Third Class Lever
There are occasions when it is desirable to speed up the movement of the resistance even though a large amount of effort must be used. Levers that help accomplish this are third class levers. As shown in Figure 3-9, the fulcrum is at one end of the lever and the weight or resistance to be overcome is at the other end, with the effort applied at some point between. Third class levers are easily recognized because the effort is applied between the fulcrum and the resistance. The retractable main landing gear on an airplane is a good example of a third class lever. The top of the landing gear, where it attaches to the airplane, is the pivot point. The wheel
and brake assembly at the bottom of the landing gear is the resistance. The hydraulic actuator that makes the gear retract is attached somewhere in the middle, and that is the applied effort.
Pulleys are simple machines in the form of a wheel mounted on a fixed axis and supported by a frame. The wheel, or disk, is normally grooved to accommodate a rope. The wheel is sometimes referred to as a “sheave" (sometimes “sheaf"). The frame that supports the wheel is called a block. A block and tackle consists of a pair of blocks. Each block contains one or more pulleys and a rope connecting the pulley(s) of each block.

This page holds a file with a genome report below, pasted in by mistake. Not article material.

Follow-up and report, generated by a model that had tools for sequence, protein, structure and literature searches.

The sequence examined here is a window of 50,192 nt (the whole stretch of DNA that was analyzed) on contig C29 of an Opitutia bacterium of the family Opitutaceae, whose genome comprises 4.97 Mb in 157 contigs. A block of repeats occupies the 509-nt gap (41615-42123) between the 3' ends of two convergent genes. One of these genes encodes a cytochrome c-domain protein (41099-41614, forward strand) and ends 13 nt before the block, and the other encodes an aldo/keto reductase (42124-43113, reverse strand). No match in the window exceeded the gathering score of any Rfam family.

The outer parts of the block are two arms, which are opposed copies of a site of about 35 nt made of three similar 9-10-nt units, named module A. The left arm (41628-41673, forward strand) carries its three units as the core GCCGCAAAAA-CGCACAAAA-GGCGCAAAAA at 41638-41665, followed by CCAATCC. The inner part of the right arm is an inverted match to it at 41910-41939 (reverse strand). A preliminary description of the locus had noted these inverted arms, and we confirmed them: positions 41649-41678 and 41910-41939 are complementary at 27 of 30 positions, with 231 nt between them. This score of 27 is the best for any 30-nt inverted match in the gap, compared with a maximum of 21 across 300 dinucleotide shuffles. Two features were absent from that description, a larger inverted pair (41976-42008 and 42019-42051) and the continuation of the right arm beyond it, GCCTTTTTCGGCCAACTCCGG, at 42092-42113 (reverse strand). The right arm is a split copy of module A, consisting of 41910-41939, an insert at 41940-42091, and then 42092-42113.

Single Fixed Pulley
A single fixed pulley is really a first class lever with equal arms. In Figure 3-10, the arm from point “R" to point “F" is equal to the arm from point “F" to point “E" (both distances being equal to the radius of the pulley). When a first class lever has equal arms, the mechanical advantage is 1. Thus, the force of the pull on the rope must be equal to the weight of the object being lifted. The only advantage of a single fixed pulley is to change the direction of the force, or pull on the rope.
Single Movable Pulley
A single pulley can be used to magnify the force exerted. In Figure 3-11, the pulley is movable, and both ropes extending up from the pulley are sharing in the support of the weight. This single movable pulley acts like a second class lever, with the effort arm (EF) being the diameter of the pulley and the resistance arm (FR) being the radius of the pulley. This type of pulley would have a mechanical advantage of two because the diameter of the pulley is double the radius of the pulley. In use, if someone pulled in 4 ft of the effort rope, the weight would only rise off the floor 2 ft. If the weight was 100 lb, the effort applied would only need to be 50 lb. With this type of pulley, the effort will always be one-half of the weight being lifted.
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